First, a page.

A bill federalizing the immigration system in the Commonwealth is only one step away from being law.

By a vote of 291-117, the U.S. House of Representatives approved yesterday Senate bill 2739, which includes a provision to federalize immigration controls in the Northern Marianas. The bill also grants the Northern Marianas a delegate with limited voting powers in the U.S. House.

The measure now heads to the White House. Once the bill is received from Congress, President George W. Bush has 10 days to sign the bill into law. With Bush expected to approve the legislation, the federalization bill could be in effect within the next three weeks.

Gov. Benigno R. Fitial deferred issuing comments on the passage of the bill, which his administration has opposed strongly.

“I am pleased with the enactment of the legislation providing for a Northern Marianas delegate in the House of Representatives. I am disappointed with the remainder of the legislation and may have further comments on the subject in my State of the Commonwealth speech on Friday,” he said.

Pete A. Tenorio, the Commonwealth's resident representatives to Washington, D.C., called the expected enactment of the bill “a new era for our government.”

“I am pleased with the passage of the bill, and I am sure most people will agree with me that this something we needed for a long time,” said Tenorio.

Rep. Tina Sablan, also a supporter of the bill, said she was pleased that “we're one step closer to normalizing our labor and immigration.” She expressed hope that local officials and community leaders would now stop arguing the pros and cons of the bill and work together to make the new system work for the Commonwealth.

For the local business sector, hotel industry leader Lynn M. Knight warned of the bill's massive implications which she said will not be fully understood until the bill is implemented.

“This legislation will put further strains on a small island economy that is already in a severe economic decline. We hope it will not hamper our ability to recover,” said Knight, chairwoman of the Hotel Association of the Northern Mariana Islands.

“Unfortunately, rather than taking the opportunity to give us tools to pick our economy back up, the bill does not offer any incentives to help mitigate the impacts it will have as it forces massive changes. Going forward, it is clear that we are going to need more help,” she added.

But Knight also said that HANMI is committed to working with the administration and the federal government on the education effort and on the drafting the implementing rules and regulations.

“We need to think as practically as possible about this, and business people can help think things through. We've got a lot of work ahead of us,” she said.

Jim Arenovski, president of the Saipan Chamber of Commerce, told Saipan Tribune in an e-mail that he has nothing new to say on the bill. “It just passed the House as predicted and we will probably have nothing to say when the President signs it.”

Proponents of the immigration measure in the U.S. House hailed the passage of the bill.

“For too long, abuses took place in the CNMI, and for too long, remedial legislation was hostage in this body. Let this legislation bring forth a new dawn, a start of a new era, and with a delegate to this body, let the voices of the people of the CNMI be heard,” said House Natural Resources Committee Chairman Nick J. Rahall. He co-sponsored the House immigration bill that was later incorporated in the Senate bill.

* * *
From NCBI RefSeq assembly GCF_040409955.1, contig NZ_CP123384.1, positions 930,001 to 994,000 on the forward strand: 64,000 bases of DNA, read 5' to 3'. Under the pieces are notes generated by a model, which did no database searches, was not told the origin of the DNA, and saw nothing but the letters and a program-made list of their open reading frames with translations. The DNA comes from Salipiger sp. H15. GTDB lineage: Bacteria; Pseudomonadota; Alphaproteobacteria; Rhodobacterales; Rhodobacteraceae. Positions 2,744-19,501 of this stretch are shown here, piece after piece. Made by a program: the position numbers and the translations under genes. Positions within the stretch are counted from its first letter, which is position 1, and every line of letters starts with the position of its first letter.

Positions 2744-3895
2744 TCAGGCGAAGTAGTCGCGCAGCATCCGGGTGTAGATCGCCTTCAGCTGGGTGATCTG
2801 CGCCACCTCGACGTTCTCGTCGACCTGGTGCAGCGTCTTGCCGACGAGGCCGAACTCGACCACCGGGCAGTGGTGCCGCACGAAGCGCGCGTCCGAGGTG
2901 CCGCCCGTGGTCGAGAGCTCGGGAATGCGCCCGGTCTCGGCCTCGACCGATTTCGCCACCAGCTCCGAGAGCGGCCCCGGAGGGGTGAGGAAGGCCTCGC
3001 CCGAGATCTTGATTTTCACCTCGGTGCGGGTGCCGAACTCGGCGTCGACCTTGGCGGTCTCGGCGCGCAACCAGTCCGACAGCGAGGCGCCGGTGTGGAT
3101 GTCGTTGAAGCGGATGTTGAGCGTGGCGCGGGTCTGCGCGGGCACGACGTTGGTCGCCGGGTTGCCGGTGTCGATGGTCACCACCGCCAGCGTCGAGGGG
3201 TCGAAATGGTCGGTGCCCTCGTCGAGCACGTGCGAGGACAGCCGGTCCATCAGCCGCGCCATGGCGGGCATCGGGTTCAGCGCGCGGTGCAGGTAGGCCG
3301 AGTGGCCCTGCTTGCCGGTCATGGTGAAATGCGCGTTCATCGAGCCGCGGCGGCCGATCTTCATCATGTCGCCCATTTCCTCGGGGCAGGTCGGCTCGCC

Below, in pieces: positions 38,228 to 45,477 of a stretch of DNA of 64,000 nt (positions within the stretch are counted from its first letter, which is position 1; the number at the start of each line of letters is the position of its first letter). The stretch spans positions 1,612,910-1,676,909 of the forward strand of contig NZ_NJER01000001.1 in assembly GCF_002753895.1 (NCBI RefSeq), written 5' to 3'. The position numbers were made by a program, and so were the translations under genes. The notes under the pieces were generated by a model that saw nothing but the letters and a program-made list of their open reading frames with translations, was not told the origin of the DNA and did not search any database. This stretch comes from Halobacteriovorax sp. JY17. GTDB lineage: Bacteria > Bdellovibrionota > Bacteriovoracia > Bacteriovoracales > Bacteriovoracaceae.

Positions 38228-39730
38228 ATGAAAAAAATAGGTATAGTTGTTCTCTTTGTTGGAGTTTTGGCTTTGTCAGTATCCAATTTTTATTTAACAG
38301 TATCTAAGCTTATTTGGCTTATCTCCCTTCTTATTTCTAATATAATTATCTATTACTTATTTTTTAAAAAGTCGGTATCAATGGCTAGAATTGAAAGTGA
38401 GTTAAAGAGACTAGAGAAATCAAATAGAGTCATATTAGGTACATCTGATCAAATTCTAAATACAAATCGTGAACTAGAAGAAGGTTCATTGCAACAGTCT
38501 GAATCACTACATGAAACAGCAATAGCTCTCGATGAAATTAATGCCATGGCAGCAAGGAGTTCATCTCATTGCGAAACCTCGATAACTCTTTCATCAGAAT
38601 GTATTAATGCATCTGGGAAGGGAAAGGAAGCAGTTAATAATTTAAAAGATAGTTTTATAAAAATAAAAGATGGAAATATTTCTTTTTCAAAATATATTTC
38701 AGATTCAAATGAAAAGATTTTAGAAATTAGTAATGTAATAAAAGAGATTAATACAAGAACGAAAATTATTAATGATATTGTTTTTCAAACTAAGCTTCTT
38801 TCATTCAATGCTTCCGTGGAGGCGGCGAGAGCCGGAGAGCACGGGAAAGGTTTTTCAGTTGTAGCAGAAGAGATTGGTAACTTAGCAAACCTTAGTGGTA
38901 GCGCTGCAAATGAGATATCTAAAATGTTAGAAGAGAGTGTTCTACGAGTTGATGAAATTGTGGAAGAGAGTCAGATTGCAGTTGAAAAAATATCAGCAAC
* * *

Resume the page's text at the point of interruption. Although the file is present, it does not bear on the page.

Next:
U.S. Virgin Islands Rep. Donna M. Christensen, chairwoman of the Subcommittee on Insular Affairs and chief sponsor of the House bill, sought to allay fears of local employers about the future ability to hire foreign workers in the Commonwealth.

“The Congress approval of [the Northern Mariana Islands Immigration, Security, and Labor Act] will ensure that employers have the ability to fill jobs, continue vocational training to CNMI residents with skills needed to succeed in their economy, foster partnerships with neighboring Guam to diversify the region's economy, maintain adequate protections for the nonresident guest worker community, and strategically secure the Marianas archipelago,” said Christensen.

House Judiciary Chairman John Conyers Jr., also a cosponsor of ISLA, said the federalization bill “closes the guest worker loophole under which so many were held in modern slavery. The Constitution's guarantee of freedom must apply everywhere in the United States, no matter how remote.”

For her part, Guam Rep. Madeleine Z. Bordallo praised the provision granting the CNMI a congressional delegate. “I look forward to the day that the delegate from the CNMI is sworn in to the House of Representatives,” she said.

The Bush Administration has testified before both the House and Senate in support of the legislation. Christensen, expressing a strong concern that all people on the CNMI have an opportunity to voice their opinions on H.R. 3079, held the first Congressional hearing on the islands in August 2007.

New WWII Monument on Guam

Japan peace groups to unveil WWII monument in Guam
Kyodo News
May 2 02:38 AM US/Eastern

TOKYO, May 2 (AP) - (Kyodo) — Japanese peace groups are set to unveil a cenotaph in Guam on May 18 to honor the more than 20,000 Japanese and U.S. soldiers as well as islanders who lost their lives in the Battle of Guam in 1944.

Peace Ring of Guam, a Guam-based nonprofit organization, and its Japanese arm have erected the monument by the sea in Agat Village, one of two locations on the western coast where U.S. forces landed and fought with Japanese troops.

Kensuke Haga, vice president of the Guam group, said he hopes many Japanese tourists will visit the Agat WWII Peace Memorial Monument and learn about wartime incidents on the resort island including massacres by Japanese soldiers of members of the local Chamorro ethnic group.